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eribosot

@eribosot@mastodon.social

"It's a dangerous thing to mistake speaking without thought for speaking the truth." Fan of #crows, #StarTrek and the #Japanese language, among many other things. Currently posting one frog species per day. If I keep this up, I should be done in about 20 years. My toots are searchable.

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mattblaze , to random
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I may be misunderstanding something, but wouldn't it be more efficient if the two teams worked together to move the ball thing in the same direction? It just seems to go back and forth.

eribosot ,
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@mattblaze And why don't they just board up the goal instead of having a guy stand there who doesn't even stop the ball thing half the time

pseudonymsupreme , to bookstodon
@pseudonymsupreme@pnw.zone avatar

Huh. It just occurred to me that not everyone reads all the time. Like, there’s a bunch of people without books they’re reading right now. That concept is so bizarre to me. I’ve always got several books going. Ebooks, audiobooks and physical copies of books. If you don’t read anymore, when and why did you stop? No judgement. I’m genuinely curious. @bookstodon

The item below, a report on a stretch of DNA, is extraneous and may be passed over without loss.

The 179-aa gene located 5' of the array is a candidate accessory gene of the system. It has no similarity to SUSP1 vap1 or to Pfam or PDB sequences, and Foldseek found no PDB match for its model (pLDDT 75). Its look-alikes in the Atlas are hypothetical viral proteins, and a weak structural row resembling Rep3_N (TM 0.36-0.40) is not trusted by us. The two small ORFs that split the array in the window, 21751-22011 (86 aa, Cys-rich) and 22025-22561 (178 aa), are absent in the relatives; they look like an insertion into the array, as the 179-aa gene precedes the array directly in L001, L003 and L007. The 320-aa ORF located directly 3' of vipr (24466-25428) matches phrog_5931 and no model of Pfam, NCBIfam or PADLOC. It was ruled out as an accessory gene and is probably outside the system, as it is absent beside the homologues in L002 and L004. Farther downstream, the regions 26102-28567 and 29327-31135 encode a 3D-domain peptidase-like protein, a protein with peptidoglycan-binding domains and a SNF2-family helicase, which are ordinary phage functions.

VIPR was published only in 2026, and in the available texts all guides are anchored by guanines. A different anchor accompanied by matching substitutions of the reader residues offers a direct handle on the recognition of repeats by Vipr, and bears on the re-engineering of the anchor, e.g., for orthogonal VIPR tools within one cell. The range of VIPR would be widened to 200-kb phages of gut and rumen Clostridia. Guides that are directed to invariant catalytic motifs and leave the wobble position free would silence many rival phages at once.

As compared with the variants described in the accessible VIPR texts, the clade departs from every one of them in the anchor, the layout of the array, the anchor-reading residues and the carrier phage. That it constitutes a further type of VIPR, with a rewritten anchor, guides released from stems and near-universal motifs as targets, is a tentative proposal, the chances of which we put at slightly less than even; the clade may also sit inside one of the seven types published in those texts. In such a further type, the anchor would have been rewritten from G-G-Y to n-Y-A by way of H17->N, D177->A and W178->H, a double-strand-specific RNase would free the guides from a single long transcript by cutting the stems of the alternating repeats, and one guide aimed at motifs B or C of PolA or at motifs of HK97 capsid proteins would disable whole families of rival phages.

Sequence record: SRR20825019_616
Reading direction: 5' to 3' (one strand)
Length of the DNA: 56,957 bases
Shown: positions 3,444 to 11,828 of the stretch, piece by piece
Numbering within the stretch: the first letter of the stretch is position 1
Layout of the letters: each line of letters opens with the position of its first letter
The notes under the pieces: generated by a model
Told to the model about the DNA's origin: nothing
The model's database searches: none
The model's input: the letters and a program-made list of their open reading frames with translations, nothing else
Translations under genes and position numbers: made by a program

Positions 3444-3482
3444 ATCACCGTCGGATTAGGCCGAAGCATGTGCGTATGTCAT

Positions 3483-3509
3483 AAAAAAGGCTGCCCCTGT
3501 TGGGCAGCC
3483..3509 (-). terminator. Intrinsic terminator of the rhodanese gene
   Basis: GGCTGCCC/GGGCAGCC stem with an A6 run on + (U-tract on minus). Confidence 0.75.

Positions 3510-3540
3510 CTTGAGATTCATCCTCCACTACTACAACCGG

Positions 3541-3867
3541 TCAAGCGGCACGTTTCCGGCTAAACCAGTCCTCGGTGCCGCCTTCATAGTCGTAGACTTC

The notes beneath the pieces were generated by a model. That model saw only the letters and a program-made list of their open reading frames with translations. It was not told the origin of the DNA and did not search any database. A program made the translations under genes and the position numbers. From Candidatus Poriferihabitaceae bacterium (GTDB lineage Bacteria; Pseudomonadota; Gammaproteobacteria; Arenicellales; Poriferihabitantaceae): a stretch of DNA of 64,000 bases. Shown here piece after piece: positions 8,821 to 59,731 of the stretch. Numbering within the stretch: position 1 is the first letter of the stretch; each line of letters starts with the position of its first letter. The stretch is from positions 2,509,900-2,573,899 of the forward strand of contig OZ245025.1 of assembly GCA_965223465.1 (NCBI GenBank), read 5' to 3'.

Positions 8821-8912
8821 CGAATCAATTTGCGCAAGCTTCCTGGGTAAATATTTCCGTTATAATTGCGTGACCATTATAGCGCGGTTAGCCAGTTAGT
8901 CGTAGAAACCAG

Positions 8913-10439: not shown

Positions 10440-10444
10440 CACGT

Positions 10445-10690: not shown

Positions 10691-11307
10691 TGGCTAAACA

eribosot ,
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@BackFromTheDud @anomnomnomaly @pseudonymsupreme @bookstodon That's funny, you should do standup!

MikeDunnAuthor , to bookstadon
@MikeDunnAuthor@kolektiva.social avatar

Today in Labor History September 19, 1952: The United States barred Charlie Chaplin from re-entering the country after a trip to England. In 1947, his black comedy, Monsieur Verdoux, was released. In the film, he criticized capitalism and its reliance on wars and weapons of mass destruction. The FBI launched a formal investigation of him 1947, after public accusations that he was a communist. Chaplin denied the charges, calling himself a “peace monger.” Nevertheless, he protested the HUAC hearings and the U.S. trials of Communist Party members. Representative John Rankin called Chaplin's presence in Hollywood “detrimental to the moral fabric of America.” Writer George Orwell prepared list of people he believed were communists, which he gave to British intelligence before he died in 1949. The list included Chaplin and Michael Redgrave, as well as Paul Robeson, Katherine Hepburn, John Steinbeck and Orson Welles.

@bookstadon

eribosot ,
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@MikeDunnAuthor @bookstadon Richard Avedon's portrait of Chaplin's farewell to the US is a classic.

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